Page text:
Kim Jong-un’s state “completely destroyed” an empty office used for inter-Korean communication as part of an overblown public display on Tuesday. The “terrific explosion” happened in Kaesong around five miles from the demilitarised zone, which serves as a border with South Korea. White and later black smoke could be seen billowing from the building from the southern state in a warning of further military action against the state. The climactic scenes came amid soaring tensions between the two nations, which were heightened when anti-Kim Jong-un pamphlets were sent into the hermit state. Since North Korea’s inception in 1948 under the current leader’s grandfather Kim Il-sung, have remained in power through exerting control over its nation. They have done so through propaganda, censorship and restriction of what citizens can and can’t do. But in recent times, the “false reality” painted by the nation’s rulers has come under threat from the outside world. In response the Supreme Leader’s sister Kim Yo-jong decried attempts to interfere with their state and spread dissent. This isn’t the first time in recent months that the regime has felt threatened by outside influence – and the state’s efforts to isolate itself even further on the international stage could suggest growing resentment domestically.
In March, the Workers’ Party Newspaper, which is run by the North Korean government, warned of “imperialist cultural poisoning” and “invisible enemies”.
They told citizens that outsiders were “desperately scheming to cleverly hide their rotten ideology and culture in texts, melodies, and daily necessities”.
The government claimed that young people were being especially targeted by the opponents of the state, who wanted to get them “addicted to the punk-style” – where people rebel against their government.
US-backed Radio Free Asia claimed that parents faced punishments if teenagers were found to have western pop music on their mobile phones.
They also reported that government officials had launched a war on sex, after one source said: “More high school boys and girls are engaging in immoral sexual deviance.”
Outside influence on the hermit state’s society has provoked anger from Pyongyang officials, which only worsened after the recent discovery of South Korean parcels.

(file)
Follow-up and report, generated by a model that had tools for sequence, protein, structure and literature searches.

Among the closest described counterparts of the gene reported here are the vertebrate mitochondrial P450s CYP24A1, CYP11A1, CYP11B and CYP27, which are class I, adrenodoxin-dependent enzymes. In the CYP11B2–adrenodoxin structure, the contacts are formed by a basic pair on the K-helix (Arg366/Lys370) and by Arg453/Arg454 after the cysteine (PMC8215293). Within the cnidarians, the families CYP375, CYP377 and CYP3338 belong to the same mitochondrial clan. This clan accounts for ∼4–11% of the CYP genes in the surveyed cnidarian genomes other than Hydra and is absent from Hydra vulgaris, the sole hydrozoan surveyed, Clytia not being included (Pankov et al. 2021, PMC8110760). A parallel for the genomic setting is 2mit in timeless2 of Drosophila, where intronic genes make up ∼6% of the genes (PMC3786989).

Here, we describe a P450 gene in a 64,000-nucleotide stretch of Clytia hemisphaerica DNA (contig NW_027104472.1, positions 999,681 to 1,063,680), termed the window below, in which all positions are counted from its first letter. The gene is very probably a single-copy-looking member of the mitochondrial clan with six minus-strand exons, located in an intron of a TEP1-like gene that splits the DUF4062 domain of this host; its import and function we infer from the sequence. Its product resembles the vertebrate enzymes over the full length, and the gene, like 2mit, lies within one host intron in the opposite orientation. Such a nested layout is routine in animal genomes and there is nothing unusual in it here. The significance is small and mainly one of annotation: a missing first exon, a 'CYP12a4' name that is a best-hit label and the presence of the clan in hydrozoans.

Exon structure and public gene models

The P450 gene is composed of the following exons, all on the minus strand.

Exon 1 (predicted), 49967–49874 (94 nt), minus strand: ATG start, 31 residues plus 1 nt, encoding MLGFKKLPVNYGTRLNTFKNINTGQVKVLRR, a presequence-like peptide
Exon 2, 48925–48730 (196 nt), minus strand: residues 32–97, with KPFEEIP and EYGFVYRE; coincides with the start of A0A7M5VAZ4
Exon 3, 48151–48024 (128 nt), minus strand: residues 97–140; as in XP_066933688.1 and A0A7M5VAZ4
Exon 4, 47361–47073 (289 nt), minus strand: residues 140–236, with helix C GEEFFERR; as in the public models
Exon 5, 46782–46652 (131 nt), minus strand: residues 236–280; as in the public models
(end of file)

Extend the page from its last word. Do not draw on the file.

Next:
Items sent over the border included radios, Bibles, food, US currency and leaflets that they believe were intended to poison the public against the Kim dynasty.
Kim Yo-jong, sister of North Korea’s Supreme Leader, blasted the defectors who reportedly sent items as “human scum little short of wild animals who betrayed their own homeland”.
She told the newspaper Rodong Sinmun that South Korean authorities should “take care of the consequences of evil conduct done by the rubbish-like mongrel dogs”.
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Yo-jong added: “I detest those who feign ignorance or encourage more than those who move to do others harm.”
Last week, their anger peaked in a statement that the department in-charge of affairs with the “enemy” had been instructed to “decisively carry out the next action”.
At the time, many speculated that it was a military threat that would see North Korean soldiers edge closer to the border before the explosion on Tuesday.
One motive behind such a visual demonstration – that was visible inside South Korea – might be the outside world exposing propaganda and lies spread within the state.
In previous years, the nation has suffered with crippling famine and starvation, while their leaders have spent millions on expensive wines, cheese and chocolate.
Chris Mikul, who wrote about North Korea in ‘My Favourite Dictators’ last year, believes the regime’s eventual collapse will horrify citizens who will finally see reality and how their leaders have lied to them.
In May, he told Express.co.uk: “I don’t think it will end any time soon but when it does fall it could be disastrous.
“The country will suddenly open up, allowing the populace to be exposed to the truth and they will realise that they have been living in a ‘Wizard of Oz’ situation.
“I think it will be a nightmare for a lot of people, there could be a lot of suicides because of the devastation from finally seeing reality for the first time.”
‘My Favourite Dictators’ was written by Chris Mikul and published by Headpress in 2019, it’s available here.